The 99-Seat Beat: ‘Mulatto Love Child,’ ‘Deathtrap’ and more on L.A.'s intimate stages
Being where you're not supposed to be, seeing what you’re not supposed to see, hearing people say what they're not supposed to say — the threat and thrill of transgression can give so much power to live theater.
This week on L.A.’s intimate stages, actress Bellina Logan talks about growing up biracial in “Confessions of a Mulatto Love Child.” Claire Booth Luce’s modern classic “The Women” invades a vintage clothing store in Burbank. Echo Theater Company’s “What Happened When” immerses the audience in the creepy action, and the Group Rep revives “Deathtrap,” a play that uses every trick of stagecraft to keep its audience in the dark.
‘Mulatto Love Child’ at the LGBT Center
The essentials: Bellina Logan, whose TV roles have included Nurse Kit on “ER” and Fiona on “Sons of Anarchy,” shares stories about her mixed-race parents and her tumultuous relationship with her eccentric mother.
Why this? Jon Imparato, director of cultural arts at the Los Angeles LGBT Center, encountered Logan’s solo show at last year’s Hollywood Fringe Festival and decided that it needed a wider audience. As he explained by email, “‘Confessions of a Mulatto Love Child’ really spoke to me. It is very funny and very moving at the same time — a real achievement in a solo play — and Bellina Logan's shape-shifting reminded me of Lily Tomlin’s work in ‘The Search for Signs of Intelligent Life in the Universe.’”
Details: Los Angeles LGBT Center’s Davidson/Valentini Theatre, 1125 N. McCadden Place, Hollywood. Check website for schedule. $20. (323) 860-7300, lalgbtcenter.org.
‘The Women’ at Pinup Girl Boutique
The essentials: In 1936, Claire Booth Luce’s comedy of manners “The Women” was the first play on Broadway with an entirely female cast. A giant leap for womankind? Well …
Luce’s vain, bored, backstabbing Manhattan socialites make the loopiest contestants on “The Bachelor” look staid and levelheaded. “A conclave of all the hell-hags” is how the New York Times review described the original production’s finale. In other words: Wheee! Archway Theatre Company has found an ingenious setting for this fashion-focused, fur-flying flame-fest: a vintage clothing boutique.
Why this? Have you ever wished you could buy the costume off an actress’ back? The ensembles modeled by the 18-member cast — designed to evoke the 1960s, when Luce last updated her script — are available in a range of sizes, making for an evening of one-stop shopping-and-Schadenfreude.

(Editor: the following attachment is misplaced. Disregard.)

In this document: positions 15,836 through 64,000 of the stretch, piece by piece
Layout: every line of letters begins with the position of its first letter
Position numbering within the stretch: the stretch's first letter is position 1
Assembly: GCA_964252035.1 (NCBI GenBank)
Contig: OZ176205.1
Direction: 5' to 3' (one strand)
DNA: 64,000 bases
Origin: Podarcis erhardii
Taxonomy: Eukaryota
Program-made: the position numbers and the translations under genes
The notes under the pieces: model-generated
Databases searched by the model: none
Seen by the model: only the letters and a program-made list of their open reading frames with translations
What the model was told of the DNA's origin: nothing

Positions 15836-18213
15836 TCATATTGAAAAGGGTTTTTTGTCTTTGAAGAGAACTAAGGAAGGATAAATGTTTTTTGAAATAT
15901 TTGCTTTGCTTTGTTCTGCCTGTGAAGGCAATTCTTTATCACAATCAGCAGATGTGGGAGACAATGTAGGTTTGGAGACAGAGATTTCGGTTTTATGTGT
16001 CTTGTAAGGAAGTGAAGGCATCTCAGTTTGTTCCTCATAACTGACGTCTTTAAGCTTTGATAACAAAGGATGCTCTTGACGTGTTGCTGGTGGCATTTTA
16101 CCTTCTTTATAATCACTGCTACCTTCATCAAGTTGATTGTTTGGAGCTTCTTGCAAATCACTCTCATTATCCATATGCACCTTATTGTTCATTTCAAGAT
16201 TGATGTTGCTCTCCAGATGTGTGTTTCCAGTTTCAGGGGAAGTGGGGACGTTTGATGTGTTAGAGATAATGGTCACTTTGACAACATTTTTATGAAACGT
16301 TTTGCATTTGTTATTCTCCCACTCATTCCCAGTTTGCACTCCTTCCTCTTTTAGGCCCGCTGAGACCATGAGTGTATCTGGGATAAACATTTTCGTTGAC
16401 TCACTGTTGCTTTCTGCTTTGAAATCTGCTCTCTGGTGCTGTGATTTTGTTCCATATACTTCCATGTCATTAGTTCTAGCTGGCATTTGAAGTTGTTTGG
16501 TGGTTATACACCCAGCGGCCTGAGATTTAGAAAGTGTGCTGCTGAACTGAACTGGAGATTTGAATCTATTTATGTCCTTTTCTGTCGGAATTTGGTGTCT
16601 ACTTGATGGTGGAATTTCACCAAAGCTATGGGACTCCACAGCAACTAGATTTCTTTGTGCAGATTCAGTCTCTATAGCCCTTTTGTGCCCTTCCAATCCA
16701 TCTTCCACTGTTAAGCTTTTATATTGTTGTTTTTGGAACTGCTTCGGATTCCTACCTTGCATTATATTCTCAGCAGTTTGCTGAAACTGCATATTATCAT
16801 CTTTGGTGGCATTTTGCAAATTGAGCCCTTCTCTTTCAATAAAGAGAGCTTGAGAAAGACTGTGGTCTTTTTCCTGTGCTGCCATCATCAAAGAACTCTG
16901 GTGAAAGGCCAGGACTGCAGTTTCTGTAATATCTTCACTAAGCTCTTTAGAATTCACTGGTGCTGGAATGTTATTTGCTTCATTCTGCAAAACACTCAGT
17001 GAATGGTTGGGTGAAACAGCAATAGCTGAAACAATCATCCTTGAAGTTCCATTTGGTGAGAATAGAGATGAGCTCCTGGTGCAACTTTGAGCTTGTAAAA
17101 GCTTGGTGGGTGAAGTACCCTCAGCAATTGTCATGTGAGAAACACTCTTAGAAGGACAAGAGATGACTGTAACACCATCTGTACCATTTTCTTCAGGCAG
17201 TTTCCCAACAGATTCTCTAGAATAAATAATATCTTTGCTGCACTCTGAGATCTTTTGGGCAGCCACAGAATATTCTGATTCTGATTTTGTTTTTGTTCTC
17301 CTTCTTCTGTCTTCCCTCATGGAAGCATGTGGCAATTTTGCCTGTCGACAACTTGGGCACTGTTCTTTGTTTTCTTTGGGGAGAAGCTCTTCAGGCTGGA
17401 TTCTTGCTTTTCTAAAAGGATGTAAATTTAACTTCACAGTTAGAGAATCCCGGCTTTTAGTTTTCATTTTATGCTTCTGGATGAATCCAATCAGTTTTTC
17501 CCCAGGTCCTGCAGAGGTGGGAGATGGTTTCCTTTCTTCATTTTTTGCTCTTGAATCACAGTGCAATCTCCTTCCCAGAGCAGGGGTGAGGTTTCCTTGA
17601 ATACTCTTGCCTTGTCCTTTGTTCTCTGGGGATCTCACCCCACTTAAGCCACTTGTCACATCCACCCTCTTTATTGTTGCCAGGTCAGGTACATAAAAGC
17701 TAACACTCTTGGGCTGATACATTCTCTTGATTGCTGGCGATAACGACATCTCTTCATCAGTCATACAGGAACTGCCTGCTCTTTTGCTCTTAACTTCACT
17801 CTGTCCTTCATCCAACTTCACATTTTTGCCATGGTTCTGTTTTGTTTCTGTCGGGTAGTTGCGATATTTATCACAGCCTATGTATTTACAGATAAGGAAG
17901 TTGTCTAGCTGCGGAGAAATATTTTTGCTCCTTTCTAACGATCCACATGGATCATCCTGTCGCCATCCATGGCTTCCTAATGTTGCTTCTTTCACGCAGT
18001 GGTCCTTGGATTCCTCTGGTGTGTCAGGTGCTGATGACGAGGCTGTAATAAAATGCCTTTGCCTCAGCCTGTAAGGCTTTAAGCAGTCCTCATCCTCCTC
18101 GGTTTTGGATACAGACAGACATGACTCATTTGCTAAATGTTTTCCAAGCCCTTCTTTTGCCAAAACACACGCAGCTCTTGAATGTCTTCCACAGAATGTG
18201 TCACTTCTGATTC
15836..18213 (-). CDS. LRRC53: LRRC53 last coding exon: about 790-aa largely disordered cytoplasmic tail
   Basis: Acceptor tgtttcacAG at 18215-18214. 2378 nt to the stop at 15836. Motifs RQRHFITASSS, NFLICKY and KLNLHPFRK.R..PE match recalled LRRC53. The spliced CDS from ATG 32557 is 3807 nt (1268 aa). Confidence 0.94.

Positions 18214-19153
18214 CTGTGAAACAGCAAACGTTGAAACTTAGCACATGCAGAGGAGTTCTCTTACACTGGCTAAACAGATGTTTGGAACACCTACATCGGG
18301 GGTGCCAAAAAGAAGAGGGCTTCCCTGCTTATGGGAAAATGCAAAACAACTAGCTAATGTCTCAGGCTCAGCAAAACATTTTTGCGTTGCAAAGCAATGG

Details: Archway Theatre Company at Pinup Girl Boutique, 3606 W. Magnolia Blvd., Burbank. 8 p.m. Fridays and Saturdays; ends April 21. $32. (818) 980-7529 or www.archwayla.com.
“What Happened When” at Echo
The essentials: Chris Fields puts the audience inches from the action in an immersive staging of Daniel Talbott’s spooky memory play about three siblings snowed in at a farmhouse without electricity, hashing out the mysteries of their past by flashlight.
Why this? Fields and his team have a reputation for producing adventurous new work with strong casts, and Times theater critic Charles McNulty called Echo Theater “my go-to place in Los Angeles for symbiotic ensemble acting.” Talbott, a member of Rattlestick Playwrights Theater, is also the author of “Slipping,” a gay coming-of-age story that generated buzz when it played in L.A. in 2013. Time Out Chicago praised an earlier production of “What Happened When” for its “air of Pinterian menace.”
Details: Echo Theater Company, Atwater Village Theatre, 3269 Casitas Ave., Los Angeles. 8 p.m. Tuesdays-Thursdays; opens April 12 and ends April 26. $34. (310) 307-3753 or www.EchoTheaterCompany.com
“Deathtrap” at the Lonny Chapman
The essentials: The prolific veteran director Jules Aaron directs this revival of the comic thriller by Ira Levin, a master of ingenious stage plotting who also wrote novels (“Rosemary’s Baby,” “The Stepford Wives”) that proved catnip to movie studios.
Why this? “Deathtrap” may have acquired a whiff of the attic since it premiered in 1978, especially in its daring-for-its-time but timid-in-retrospect use of homosexuality as a plot device. (In his 1982 film adaptation, Sidney Lumet added a fiery onscreen kiss between two men that, although it isn't in the original script, made its way into subsequent stage revivals. Levin’s estate has since denied that he intended the characters to be lovers.) Still it’s hard to beat this “real stage stunner,” as the Guardian once described the Tony-nominated play, for edge-of-your-seat twists and turns that are best experienced live. As director Aaron puts it, "There are very few theatrical genres that are as frightening and titillating as the roller-coaster ride of the well-honed thriller."
Details: The Group Rep, Lonny Chapman Theatre, 10900 Burbank Blvd., North Hollywood. 8 p.m. Fridays-Saturdays, 2 p.m. Sundays; ends May 20. $25. (818)763-5990, www.thegrouprep.com
The 99-Seat Beat appears every Friday. Our reviewers shortlist offerings with an emphasis on 99-seat theaters and other smaller venues. Some (but not all) recommendations are shows we've seen; others have caught our attention because of the track record of the company, playwright, director or cast. Comprehensive theater listings are posted every Sunday at latimes.com/arts
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